Shirley Chisholm (1924–2005), the daughter of Caribbean immigrants to the United States, planted the seeds for her historic career in politics as an educator in Brooklyn, New York, in the 1950s. After years of bridging the community and the Democratic Party with her energetic organizing, she was elected to the New York State Assembly in 1964—then the U.S. Congress in 1968, where she was the first Black woman ever to serve in that body. In 1972, with the slogan “Unbought and Unbossed” (also the title of her autobiography), she ran for president on the Democratic Party ticket; that candidacy made history too, as Chisholm was the first Black major-party presidential candidate and the first woman to run on the Democratic ticket.
Chisholm didn’t just inspire Black and women voters, she also helped push feminists of all backgrounds to examine intersectionality and privilege as these concepts were taking shape in the 1970s.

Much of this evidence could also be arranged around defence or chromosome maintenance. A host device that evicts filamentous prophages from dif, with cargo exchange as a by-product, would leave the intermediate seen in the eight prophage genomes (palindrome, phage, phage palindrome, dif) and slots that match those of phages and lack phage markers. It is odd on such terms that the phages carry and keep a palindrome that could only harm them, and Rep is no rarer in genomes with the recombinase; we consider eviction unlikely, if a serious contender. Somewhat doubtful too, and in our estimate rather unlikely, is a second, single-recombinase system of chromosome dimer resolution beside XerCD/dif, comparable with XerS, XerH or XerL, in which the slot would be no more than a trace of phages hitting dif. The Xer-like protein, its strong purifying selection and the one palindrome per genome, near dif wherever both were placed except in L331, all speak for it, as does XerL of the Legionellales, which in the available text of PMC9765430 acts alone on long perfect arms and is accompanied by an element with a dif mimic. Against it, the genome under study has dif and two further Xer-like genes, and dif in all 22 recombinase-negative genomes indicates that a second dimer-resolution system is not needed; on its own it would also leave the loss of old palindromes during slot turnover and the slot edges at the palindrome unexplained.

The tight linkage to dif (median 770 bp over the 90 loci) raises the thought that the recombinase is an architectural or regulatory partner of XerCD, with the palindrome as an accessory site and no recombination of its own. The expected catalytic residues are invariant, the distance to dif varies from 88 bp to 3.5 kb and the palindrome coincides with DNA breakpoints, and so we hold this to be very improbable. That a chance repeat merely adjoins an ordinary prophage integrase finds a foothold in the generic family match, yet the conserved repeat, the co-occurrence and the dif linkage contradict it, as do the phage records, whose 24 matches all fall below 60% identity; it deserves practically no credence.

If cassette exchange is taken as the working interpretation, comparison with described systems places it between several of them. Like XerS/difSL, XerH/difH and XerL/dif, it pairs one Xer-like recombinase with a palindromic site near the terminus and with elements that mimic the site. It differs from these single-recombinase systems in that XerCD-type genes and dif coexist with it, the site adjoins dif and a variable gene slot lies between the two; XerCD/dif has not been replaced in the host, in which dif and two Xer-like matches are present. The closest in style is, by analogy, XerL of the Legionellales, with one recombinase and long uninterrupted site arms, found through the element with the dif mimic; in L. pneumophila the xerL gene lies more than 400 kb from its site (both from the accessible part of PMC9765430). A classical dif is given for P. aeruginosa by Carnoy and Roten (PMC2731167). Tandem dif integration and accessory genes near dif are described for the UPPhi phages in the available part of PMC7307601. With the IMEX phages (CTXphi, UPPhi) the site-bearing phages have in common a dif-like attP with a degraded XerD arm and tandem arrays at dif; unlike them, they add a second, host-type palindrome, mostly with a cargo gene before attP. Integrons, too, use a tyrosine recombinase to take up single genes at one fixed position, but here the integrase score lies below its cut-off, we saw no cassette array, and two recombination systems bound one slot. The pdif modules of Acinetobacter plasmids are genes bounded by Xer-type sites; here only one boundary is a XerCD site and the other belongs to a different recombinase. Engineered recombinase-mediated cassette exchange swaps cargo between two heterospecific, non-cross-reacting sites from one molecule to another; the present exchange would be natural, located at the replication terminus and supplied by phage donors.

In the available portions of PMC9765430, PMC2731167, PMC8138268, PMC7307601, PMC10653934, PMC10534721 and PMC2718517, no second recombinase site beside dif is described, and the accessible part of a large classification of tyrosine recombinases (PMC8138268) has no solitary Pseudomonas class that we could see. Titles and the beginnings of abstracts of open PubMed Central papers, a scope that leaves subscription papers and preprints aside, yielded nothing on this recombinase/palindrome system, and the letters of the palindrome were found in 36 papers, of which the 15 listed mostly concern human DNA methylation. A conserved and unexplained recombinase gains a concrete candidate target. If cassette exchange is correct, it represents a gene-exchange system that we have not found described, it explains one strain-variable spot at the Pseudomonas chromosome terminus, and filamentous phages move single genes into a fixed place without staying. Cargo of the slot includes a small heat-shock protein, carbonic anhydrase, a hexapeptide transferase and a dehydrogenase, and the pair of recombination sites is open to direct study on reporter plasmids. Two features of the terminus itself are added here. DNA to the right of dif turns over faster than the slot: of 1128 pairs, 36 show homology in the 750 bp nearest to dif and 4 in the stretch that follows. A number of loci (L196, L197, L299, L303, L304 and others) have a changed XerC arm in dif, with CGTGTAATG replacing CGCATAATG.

In a 1974 interview in the feminist magazine off our backs, Chisholm “went there,” discussing conflicts among white women and women of color in the feminist movement.
So you know, when some of my white sisters complain about the fact, “Oh! My goodness, I can’t be myself. I can’t express myself. I don’t want to find myself living in the house with all these appliances. I have to go out, and find myself,” many minority women wish that they could find themselves in that position…. I think sometimes it is very difficult for white women to understand this.
But Chisholm also believed in the possibilities for change within democratic institutions.
I happen to believe that institutions basically are not contradictory to many, many human rights. It’s the men and women who live within these institutions or carry out the laws, or implement the laws[.]
Read mae dell’s full interview with Shirley Chisholm at the link below.